Freddie Gibbs: Three And A Half Stars Out Of Five

by | Aug 11, 2010 | MUSIC

Freddie GibbsStr8 Killa EP (Decon)

In the last three years, Freddie Gibbs has run and completed a full horrific lap of the mainstream music industry rat race. After establishing himself as one of Indiana’s finest underground artists, he signed a deal with Interscope, endured a painfully typical raw deal at the hands of the media giant, culled together the “failed” efforts from his major label sessions, and released them the next summer as two juggernaut mixtapes–The Miseducation of Freddie Gibbs and midwestgangstaboxframecadillacmuzik. He is an unquestionably talented MC, indeed the most fresh and lyrically tight prospect in recent memory, and it’s very cool, as a fan of rap music, to watch an artist come up under hype so huge as to have the New York Times claiming he’s one of the singular MCs “keeping rap alive.” But doesn’t that feel pretty huge? The guy doesn’t even have an LP out yet, but this year he’s rap’s last, best hope? How do you get to this point of hysterical praise, and is it deserved?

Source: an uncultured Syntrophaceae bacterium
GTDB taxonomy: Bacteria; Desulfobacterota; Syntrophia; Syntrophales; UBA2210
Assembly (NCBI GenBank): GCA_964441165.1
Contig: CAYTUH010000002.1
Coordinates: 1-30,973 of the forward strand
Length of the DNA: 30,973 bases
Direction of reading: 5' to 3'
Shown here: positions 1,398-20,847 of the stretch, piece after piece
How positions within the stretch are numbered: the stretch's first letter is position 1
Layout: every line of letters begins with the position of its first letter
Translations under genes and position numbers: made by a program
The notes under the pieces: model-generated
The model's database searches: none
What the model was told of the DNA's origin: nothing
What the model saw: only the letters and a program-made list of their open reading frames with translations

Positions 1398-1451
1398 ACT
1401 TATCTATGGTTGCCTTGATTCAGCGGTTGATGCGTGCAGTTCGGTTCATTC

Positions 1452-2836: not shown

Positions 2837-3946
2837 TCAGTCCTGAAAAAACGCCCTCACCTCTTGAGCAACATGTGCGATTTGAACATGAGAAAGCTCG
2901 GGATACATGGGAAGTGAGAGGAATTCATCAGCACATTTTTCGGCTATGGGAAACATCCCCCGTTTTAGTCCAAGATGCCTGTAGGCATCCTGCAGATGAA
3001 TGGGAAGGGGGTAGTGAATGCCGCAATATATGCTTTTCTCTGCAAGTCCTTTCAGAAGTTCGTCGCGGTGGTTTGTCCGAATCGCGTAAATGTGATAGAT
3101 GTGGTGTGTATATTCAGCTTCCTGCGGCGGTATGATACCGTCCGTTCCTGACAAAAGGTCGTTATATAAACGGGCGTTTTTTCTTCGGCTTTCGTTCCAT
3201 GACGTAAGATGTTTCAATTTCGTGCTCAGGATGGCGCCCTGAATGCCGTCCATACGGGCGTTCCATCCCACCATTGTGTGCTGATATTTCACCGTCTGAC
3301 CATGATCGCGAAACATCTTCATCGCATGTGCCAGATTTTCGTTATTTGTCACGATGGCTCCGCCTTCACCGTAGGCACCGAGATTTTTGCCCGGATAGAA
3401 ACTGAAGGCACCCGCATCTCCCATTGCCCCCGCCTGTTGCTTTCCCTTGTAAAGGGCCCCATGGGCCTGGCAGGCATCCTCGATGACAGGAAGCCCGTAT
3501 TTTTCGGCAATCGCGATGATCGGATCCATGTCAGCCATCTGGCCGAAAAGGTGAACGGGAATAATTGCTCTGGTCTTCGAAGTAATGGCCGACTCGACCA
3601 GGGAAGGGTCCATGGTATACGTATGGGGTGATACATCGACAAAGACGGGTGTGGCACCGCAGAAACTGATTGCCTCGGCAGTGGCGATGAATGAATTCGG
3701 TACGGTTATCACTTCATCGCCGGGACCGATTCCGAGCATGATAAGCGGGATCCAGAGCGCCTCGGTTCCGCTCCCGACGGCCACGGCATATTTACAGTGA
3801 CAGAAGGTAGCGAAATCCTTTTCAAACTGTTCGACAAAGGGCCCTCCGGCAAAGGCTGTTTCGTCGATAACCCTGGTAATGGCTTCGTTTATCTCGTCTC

Freddie GibbsStr8 Killa EP (Decon)

In the last three years, Freddie Gibbs has run and completed a full horrific lap of the mainstream music industry rat race. After establishing himself as one of Indiana’s finest underground artists, he signed a deal with Interscope, endured a painfully typical raw deal at the hands of the media giant, culled together the “failed” efforts from his major label sessions, and released them the next summer as two juggernaut mixtapes–The Miseducation of Freddie Gibbs and midwestgangstaboxframecadillacmuzik. He is an unquestionably talented MC, indeed the most fresh and lyrically tight prospect in recent memory, and it’s very cool, as a fan of rap music, to watch an artist come up under hype so huge as to have the New York Times claiming he’s one of the singular MCs “keeping rap alive.” But doesn’t that feel pretty huge? The guy doesn’t even have an LP out yet, but this year he’s rap’s last, best hope? How do you get to this point of hysterical praise, and is it deserved?

Certainly, Gibbs deserves credit for being more than nice on the mic. Any casual listen to his material reveals how truthfully in love with the game Gibbs is, how reverent he is toward his artistic forebears—but in many ways he is still not ready for prime time. Str8 Killa is an EP that, while much stronger than virtually any other major rap release this year, still has its fair share of drastic missteps, each of which provides something of a glimpse behind the curtain, an aural snapshot of how difficult it must be to manage this kind of career while still maintaining an authentic viewpoint. As hip-hop fans, this is both good for us and bad for us.